Don't Fund Fratricide, Fight it!
Effective contributions and actions for Election 2004
Do you want to beat Bush in 2004? Then whatever you do, don't donate money to the Democratic presidential contenders this winter.
That may seem like an odd statement, but I'd like to try to convince you of the sense of it.
Let's start with the man who drives so many Americans to despair: George W. Bush. Conventional media wisdom has it that George W. Bush is winning the campaign fundraising race. After all, he's raised a whopping $84.6 million so far in 2003 (Source: Center for Responsive Politics). Wow! Nobody can possibly catch Bush, right?
Even on "liberal" NPR, Neal Conan could be heard in early November of 2003 exulting that Bush had raised more than all the Democratic contenders put together. Amazing!
The problem for that story is that during 2003 the Democratic candidates have raised a whoppinger $98.6 million so far. Go ahead, look it up. This is a fact that the media is almost completely ignorant of (Help Neal Conan get his story straight: e-mail him at email@example.com).
But behind the commonplace misperception that Bush has raised more money lies a powerfully disturbing truth: Bush is saving his money for later, determined to use it against the candidate that finally emerges. The Democratic candidates, on the other hand, are spending great gobs of money now and in the next few months to ensure that they emerge on top as the nominee chosen to face Bush. Unfortunately, many of the candidates have concluded that the best way to ensure that they will win the Democratic nomination is to make their fellow candidates look as bad as possible.
This too-popular King-of-the-Hill strategy is counterproductive in four ways.
- Because front-runners are the biggest target of this tactic, it makes those candidates most likely to win the nomination look the worst.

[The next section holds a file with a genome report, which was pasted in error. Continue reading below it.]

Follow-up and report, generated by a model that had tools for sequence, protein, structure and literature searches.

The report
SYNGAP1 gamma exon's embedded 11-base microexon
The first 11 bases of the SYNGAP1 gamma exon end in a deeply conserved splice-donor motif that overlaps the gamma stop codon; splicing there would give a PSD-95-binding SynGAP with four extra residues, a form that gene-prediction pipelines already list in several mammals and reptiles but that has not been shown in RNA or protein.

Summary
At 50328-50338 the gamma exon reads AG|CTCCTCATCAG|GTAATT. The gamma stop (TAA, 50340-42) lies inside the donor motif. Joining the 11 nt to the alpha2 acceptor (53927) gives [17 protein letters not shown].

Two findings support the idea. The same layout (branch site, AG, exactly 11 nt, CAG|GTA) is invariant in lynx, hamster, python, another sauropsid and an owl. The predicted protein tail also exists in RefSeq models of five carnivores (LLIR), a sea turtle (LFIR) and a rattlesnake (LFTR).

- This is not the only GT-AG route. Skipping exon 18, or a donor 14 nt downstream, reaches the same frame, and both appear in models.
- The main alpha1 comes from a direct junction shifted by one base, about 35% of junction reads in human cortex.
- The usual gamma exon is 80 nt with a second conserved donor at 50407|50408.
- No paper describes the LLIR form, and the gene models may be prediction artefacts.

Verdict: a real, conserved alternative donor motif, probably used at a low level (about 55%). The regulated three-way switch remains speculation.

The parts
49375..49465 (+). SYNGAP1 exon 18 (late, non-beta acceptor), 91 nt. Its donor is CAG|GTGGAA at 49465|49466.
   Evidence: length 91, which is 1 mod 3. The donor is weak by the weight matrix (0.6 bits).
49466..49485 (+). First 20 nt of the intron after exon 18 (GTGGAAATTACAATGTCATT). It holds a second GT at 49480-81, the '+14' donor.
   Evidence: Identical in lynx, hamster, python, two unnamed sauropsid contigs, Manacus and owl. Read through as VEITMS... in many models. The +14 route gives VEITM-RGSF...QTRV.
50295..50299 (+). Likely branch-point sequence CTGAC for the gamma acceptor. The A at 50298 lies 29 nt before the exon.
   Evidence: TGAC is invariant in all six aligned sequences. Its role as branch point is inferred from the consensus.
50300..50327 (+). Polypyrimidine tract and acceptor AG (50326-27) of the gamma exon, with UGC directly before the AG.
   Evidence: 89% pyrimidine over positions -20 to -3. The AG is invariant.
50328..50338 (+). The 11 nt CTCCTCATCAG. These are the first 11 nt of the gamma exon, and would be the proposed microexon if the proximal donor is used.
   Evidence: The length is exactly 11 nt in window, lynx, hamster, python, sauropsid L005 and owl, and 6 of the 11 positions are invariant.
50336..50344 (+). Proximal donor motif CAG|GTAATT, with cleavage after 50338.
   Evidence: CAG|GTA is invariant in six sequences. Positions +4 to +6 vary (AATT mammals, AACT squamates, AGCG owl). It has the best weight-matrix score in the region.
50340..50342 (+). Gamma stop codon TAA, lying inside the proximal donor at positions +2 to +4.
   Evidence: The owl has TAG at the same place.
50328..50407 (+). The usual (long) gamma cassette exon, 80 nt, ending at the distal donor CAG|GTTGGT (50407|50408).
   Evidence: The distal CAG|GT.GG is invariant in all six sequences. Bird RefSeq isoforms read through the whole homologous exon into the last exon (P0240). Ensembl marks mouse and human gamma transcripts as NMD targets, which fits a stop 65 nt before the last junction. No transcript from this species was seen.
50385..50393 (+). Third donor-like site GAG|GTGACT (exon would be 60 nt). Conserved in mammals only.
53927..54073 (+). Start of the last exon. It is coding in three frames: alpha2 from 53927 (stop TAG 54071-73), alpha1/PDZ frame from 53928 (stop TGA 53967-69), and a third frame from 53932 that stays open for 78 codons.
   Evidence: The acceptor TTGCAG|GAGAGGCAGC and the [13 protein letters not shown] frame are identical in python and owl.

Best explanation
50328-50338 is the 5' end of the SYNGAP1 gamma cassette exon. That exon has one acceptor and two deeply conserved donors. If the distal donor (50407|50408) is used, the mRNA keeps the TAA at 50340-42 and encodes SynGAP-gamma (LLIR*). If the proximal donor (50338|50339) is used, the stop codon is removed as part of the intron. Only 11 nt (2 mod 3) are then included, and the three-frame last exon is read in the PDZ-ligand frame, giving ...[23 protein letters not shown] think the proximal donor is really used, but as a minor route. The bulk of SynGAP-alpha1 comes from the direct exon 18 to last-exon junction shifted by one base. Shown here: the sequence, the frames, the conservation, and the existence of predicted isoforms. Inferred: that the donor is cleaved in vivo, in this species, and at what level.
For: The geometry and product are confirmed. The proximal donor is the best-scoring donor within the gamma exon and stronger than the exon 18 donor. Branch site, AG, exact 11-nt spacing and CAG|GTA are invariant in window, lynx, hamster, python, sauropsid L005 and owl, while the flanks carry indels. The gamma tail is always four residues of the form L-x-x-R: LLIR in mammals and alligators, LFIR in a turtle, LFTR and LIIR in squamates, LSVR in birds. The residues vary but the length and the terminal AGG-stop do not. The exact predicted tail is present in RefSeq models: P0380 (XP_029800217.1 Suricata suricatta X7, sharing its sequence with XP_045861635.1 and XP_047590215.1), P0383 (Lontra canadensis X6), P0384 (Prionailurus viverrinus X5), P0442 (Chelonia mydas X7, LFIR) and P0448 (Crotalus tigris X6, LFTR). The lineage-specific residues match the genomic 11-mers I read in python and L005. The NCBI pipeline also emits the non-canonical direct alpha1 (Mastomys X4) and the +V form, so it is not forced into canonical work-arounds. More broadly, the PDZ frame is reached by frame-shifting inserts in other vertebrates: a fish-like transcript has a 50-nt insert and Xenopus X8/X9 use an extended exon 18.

- Even if the current front-runners fall prey to the second-tier candidates' negative attacks, the act of engaging in mudslining makes the second-tier candidates look nasty, making them less appealing should they ascend.
- Such internecine battling wastes dollars that could be spent making Bush look bad.
- Every Democratic dollar used to dig up and air dirt on a Democratic candidate is a Bush dollar that won't have to be spent on the exercise and can instead be used for other pro-Bush purposes.
I firmly believe that most progressive Americans are less interested in seeing one particular Democratic candidate win the Presidency and more interested in making sure that Bush isn't re-elected. Does this describe you? Ok, then listen up: if we don't want Bush to win, then we have to keep our eyes on the prize. We have to prevent the particular personal interests of the candidates from getting in the way of the eventual nominee's chances of beating Bush. We have to make every dollar and every action make a step toward the goal of getting Bush out of office.
This means, my friends, that we must call a halt to every action and every donation that makes steps in another direction. This means:
- No more monetary contributions to candidates until the identity of the nominee is clear. You just don't know what the candidates will do with their money until then, but events of late give us a hint: mud-slinging. Although any of the crop of Democratic candidates would be better than Bush, they aren't doing a good job at remembering that and maintaining a positive tone. Let the Republicans sling mud at us; don't fund Democratic mudfests.
- If you have a favorite candidate, don't lift a finger to criticize his or her competitors unless you consider those competitors to be absolutely unacceptable to you. Yes, in the past we've dabbled in Lieberman-dissing from time to time because he's such a... STOP! See how easy it is to slouch into internecine criticism? ... ahem. Although we've dabbled in Lieberman-dissing from time to time, we won't any more, because even he would be better than Bush. Dean supporters can stop posting taunts on the Kerry Blog. Lieberman supporters can stop saying he's the only candidate who can win. I know, it's hard. Try.
If donating cash to a campaign and slamming competitors for the Democratic nomination are out, there are still a lot of positive things left that you can do. These include:
- Contributing to general anti-Bush efforts. If you're itching to take out your wallet and put your money where your mouth is, consider one of the following campaigns. Rather than endorsing any particular candidate, they are gearing up for a variety of "Anybody But Bush" efforts in 2004: